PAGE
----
Give Beets A Chance?
We are suddenly international peace thinkers on alert - we study maps of Eastern Europe on our laptops, retweet memes of Vladimir Putin, and search our closets for anything yellow. Anything blue. We read. We watch documentaries. We donate money. We propose to know what's going on, what needs to be done, what looks like a win, and what looks like an immeasurable loss.
The more I think I know about Ukraine v Russia, the more I know I don't know. Every time I dig in, I uncover something that requires 15 additional Googles to understand. Where, I wonder, was my attention in 2014 during Ukraine's Maidan Revolution? Why, I ask my husband, can I not answer your question about the fairness of pre-Maidan elections for Ukranians? What, it is impossible to fathom, kept me from learning about 1941 Babi Yar from a teacher or a parent? How, it seems prudent to imagine, does Vladimir Putin respond when he's cornered by the world?
So much angsty despair for people on the sidelines of this war/these headlines/an internet exploding with things to see that we cannot un-see when we close our eyes at night.
I have been honored to be in three peace-pondering conversations this week. One with a group of brilliant theologizers/writers/preachers/activists whose words have been illuminating. They have offered light-on-the-path kinds of words that don't brighten the day enough to change the forecast of tragedy, but light up enough to help me wander into the dusty corners of my brain and re-think some assumptions. I am always grateful for those lanterns of wisdom.
The second has been with a tour guide who drove me around Moscow one Spring day in 2013. My husband and I had made a quick trip to see our son play music on two Russian stages. With only one day in Moscow, we decided to hire Ivan (not his real name) to show us around the city. Ivan, like every other Russian we met on our trip, was kind and generous and very eager to share the magnificence of Moscow. I initiated an email with Ivan late last week, mostly to check on his safety, but also to see if I could find out what news he was hearing about Ukraine. He was quick to respond, and has continued to respond to my replies this week. Regardless of my push toward opening our minds together, and thinking beyond our Western/Eastern media biases, Ivan professes great admiration for Vladimir Putin and 100% skepticism of Western "fake news." Neither of which make me less fond of my Ivan memories. It just makes me sad. For all of us.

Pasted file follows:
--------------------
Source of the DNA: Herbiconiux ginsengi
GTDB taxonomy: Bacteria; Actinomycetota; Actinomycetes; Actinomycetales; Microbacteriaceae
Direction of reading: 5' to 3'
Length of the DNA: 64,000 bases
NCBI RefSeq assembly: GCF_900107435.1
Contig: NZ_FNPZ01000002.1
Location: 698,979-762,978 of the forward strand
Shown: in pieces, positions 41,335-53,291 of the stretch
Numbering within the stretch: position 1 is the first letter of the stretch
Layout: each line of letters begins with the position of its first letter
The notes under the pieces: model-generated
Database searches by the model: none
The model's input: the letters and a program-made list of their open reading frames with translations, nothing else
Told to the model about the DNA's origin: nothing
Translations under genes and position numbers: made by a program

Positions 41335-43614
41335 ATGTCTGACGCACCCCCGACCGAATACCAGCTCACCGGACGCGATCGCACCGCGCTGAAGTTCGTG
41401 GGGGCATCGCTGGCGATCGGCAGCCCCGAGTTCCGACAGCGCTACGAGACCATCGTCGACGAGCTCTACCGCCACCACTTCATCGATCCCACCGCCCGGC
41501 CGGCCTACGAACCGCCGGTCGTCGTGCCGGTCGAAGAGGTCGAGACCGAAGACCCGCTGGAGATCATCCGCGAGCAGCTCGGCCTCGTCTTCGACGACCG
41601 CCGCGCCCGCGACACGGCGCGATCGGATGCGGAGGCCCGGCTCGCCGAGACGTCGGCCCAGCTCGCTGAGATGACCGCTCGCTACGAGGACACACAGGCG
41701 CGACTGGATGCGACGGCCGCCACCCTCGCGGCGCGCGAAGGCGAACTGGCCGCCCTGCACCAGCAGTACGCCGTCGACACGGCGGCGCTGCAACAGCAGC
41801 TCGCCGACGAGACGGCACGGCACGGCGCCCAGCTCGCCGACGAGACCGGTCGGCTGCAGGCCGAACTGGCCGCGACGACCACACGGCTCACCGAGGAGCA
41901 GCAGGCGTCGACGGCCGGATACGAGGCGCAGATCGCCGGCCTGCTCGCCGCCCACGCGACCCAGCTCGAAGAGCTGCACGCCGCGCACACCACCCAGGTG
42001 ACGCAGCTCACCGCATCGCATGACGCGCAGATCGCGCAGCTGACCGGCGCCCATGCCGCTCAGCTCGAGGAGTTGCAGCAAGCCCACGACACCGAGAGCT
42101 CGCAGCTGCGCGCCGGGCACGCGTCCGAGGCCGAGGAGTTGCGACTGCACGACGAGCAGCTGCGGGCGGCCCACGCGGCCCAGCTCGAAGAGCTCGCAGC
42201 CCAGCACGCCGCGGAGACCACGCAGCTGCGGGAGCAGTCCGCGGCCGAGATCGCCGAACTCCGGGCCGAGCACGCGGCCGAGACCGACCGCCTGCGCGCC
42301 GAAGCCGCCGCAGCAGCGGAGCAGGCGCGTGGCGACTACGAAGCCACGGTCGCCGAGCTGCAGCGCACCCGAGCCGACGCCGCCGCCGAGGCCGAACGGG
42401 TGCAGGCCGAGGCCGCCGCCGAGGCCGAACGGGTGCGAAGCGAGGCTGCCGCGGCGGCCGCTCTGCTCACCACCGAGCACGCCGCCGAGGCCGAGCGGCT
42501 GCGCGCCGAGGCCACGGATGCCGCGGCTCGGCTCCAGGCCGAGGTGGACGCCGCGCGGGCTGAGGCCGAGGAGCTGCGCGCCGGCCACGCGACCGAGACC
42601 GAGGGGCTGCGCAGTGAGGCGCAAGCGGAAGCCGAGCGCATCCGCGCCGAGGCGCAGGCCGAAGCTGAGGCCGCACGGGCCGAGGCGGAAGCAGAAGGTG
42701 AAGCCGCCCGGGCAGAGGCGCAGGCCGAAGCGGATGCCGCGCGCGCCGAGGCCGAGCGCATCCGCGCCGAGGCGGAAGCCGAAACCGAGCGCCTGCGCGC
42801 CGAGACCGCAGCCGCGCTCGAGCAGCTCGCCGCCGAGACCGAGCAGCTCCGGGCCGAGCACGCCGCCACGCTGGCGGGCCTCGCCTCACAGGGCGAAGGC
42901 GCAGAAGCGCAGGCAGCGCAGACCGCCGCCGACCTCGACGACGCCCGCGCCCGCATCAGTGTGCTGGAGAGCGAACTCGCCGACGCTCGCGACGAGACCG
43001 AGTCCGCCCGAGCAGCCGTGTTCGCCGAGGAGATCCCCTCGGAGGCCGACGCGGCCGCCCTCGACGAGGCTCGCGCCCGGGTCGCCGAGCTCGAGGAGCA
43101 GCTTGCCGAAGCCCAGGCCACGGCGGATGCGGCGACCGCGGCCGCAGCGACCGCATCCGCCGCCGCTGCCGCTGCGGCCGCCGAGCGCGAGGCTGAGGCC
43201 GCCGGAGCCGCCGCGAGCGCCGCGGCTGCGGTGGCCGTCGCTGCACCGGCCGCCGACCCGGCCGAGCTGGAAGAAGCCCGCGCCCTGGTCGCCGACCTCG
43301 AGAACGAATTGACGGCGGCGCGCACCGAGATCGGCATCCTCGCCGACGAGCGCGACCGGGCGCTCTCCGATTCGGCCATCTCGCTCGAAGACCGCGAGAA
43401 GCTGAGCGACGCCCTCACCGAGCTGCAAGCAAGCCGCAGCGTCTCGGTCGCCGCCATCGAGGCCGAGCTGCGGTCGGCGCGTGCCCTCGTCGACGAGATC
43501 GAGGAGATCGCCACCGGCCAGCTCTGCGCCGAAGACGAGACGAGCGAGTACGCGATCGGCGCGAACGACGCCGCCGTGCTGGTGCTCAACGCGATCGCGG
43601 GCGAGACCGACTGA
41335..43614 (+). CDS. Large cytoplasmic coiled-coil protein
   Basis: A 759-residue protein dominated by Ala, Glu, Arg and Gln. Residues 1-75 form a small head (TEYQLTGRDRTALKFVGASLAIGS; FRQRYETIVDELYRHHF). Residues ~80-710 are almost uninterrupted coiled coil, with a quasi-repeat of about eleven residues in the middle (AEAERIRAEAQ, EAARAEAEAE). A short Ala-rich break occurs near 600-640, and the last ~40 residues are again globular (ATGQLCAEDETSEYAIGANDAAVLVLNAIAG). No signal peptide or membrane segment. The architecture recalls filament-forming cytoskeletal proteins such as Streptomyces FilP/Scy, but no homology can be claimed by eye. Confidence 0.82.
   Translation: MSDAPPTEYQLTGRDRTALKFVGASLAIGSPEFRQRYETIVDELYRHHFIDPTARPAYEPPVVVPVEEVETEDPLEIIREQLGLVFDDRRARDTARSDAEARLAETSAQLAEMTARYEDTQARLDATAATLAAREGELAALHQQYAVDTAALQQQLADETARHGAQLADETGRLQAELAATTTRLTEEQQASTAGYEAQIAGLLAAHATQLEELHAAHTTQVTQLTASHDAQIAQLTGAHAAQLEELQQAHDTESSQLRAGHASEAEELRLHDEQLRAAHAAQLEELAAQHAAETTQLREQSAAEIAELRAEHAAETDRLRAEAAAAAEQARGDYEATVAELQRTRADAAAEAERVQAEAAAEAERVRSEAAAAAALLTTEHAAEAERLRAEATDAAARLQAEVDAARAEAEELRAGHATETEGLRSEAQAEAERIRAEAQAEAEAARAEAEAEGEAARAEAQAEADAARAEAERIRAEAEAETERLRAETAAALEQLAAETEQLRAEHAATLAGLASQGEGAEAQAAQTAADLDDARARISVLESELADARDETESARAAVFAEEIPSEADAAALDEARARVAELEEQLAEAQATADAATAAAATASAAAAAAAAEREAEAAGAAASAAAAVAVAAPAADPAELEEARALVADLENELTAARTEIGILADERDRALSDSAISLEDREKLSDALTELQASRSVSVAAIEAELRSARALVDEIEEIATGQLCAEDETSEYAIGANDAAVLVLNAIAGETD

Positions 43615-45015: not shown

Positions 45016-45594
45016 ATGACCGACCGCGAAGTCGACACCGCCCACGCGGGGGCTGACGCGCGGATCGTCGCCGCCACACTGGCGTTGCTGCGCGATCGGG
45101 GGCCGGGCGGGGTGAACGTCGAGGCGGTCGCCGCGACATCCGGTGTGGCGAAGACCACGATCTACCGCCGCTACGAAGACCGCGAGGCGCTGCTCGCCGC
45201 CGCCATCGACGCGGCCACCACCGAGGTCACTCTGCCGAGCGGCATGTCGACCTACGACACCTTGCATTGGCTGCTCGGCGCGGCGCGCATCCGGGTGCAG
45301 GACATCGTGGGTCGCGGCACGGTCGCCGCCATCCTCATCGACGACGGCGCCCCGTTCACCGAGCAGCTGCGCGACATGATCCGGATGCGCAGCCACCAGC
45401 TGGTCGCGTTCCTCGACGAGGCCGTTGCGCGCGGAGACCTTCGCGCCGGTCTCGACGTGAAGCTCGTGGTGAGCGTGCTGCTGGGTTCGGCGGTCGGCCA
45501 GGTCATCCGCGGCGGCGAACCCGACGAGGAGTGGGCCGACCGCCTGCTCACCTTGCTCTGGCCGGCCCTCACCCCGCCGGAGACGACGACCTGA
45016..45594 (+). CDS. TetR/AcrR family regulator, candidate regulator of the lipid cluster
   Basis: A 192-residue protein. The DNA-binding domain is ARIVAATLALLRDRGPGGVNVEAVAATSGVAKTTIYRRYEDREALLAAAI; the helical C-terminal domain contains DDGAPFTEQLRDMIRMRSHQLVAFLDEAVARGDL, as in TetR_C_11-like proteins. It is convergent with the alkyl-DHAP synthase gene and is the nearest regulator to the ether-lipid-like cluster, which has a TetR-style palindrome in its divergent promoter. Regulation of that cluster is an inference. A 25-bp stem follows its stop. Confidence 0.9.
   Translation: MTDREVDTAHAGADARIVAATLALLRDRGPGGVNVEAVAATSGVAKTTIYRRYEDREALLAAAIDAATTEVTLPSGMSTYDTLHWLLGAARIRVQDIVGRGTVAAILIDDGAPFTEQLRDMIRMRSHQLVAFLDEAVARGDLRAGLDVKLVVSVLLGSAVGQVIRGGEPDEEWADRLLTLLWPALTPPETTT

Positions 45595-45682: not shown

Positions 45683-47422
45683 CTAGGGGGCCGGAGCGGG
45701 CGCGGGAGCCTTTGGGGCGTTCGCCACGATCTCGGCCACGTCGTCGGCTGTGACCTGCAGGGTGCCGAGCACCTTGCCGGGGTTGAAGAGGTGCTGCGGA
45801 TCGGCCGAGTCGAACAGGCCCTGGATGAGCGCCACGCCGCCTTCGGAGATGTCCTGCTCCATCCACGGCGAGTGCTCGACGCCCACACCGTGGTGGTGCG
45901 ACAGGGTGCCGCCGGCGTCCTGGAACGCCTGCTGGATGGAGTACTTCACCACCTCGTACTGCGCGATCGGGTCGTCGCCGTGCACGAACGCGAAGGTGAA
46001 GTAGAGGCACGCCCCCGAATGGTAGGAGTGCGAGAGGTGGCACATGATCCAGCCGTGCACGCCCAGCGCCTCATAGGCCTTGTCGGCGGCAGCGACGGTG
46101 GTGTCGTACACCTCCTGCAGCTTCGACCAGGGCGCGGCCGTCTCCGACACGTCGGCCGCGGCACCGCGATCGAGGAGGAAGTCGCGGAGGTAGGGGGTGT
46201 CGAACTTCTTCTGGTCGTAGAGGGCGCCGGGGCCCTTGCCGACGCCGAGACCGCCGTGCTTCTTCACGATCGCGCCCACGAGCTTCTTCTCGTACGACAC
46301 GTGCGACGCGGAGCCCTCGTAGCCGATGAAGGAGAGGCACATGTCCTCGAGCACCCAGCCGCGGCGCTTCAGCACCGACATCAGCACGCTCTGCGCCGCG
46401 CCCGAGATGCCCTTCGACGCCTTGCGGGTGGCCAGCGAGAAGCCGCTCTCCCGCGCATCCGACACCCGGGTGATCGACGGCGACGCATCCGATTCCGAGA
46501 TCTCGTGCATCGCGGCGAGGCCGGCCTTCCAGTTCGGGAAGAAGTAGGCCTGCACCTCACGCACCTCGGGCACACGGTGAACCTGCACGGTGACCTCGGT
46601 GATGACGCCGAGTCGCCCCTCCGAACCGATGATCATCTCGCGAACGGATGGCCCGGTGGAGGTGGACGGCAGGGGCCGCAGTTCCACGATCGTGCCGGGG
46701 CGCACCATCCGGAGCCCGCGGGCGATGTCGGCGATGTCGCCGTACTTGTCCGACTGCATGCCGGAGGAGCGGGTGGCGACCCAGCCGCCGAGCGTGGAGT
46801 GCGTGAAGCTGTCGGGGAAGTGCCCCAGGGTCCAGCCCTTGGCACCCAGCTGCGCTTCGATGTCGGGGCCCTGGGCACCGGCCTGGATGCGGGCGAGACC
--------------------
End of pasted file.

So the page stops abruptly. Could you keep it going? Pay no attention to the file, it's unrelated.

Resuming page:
Then came the third conversation. Today. About borscht. A text from a friend telling me of her friend serving borscht today in Poland. To Ukranian refugees. A guy who had planned to be hiking Patagonia this week, but decided to re-think his itinerary so he could lend a hand to World Central Kitchen's work on Ukraine's border.
200 gallons of borscht, in case you're curious =
100 lbs beef + 200 lbs potato + 8 gallons pickles + 10 lbs horseradish + 40 lbs sauerkraut + 1 lb salt + 50 lbs beets + 20 gallons water
If you are among the despairing in the USA this week, send an email to the smartest person you know. Expect a response that will challenge you to think a little harder about people and politics and peace.
Also... make a pot of borscht in honor of the Ukranian people and all humanitarians who are showing up to serve them.
Yes, America, we can eat beets. We are the world. We are all Ukranians.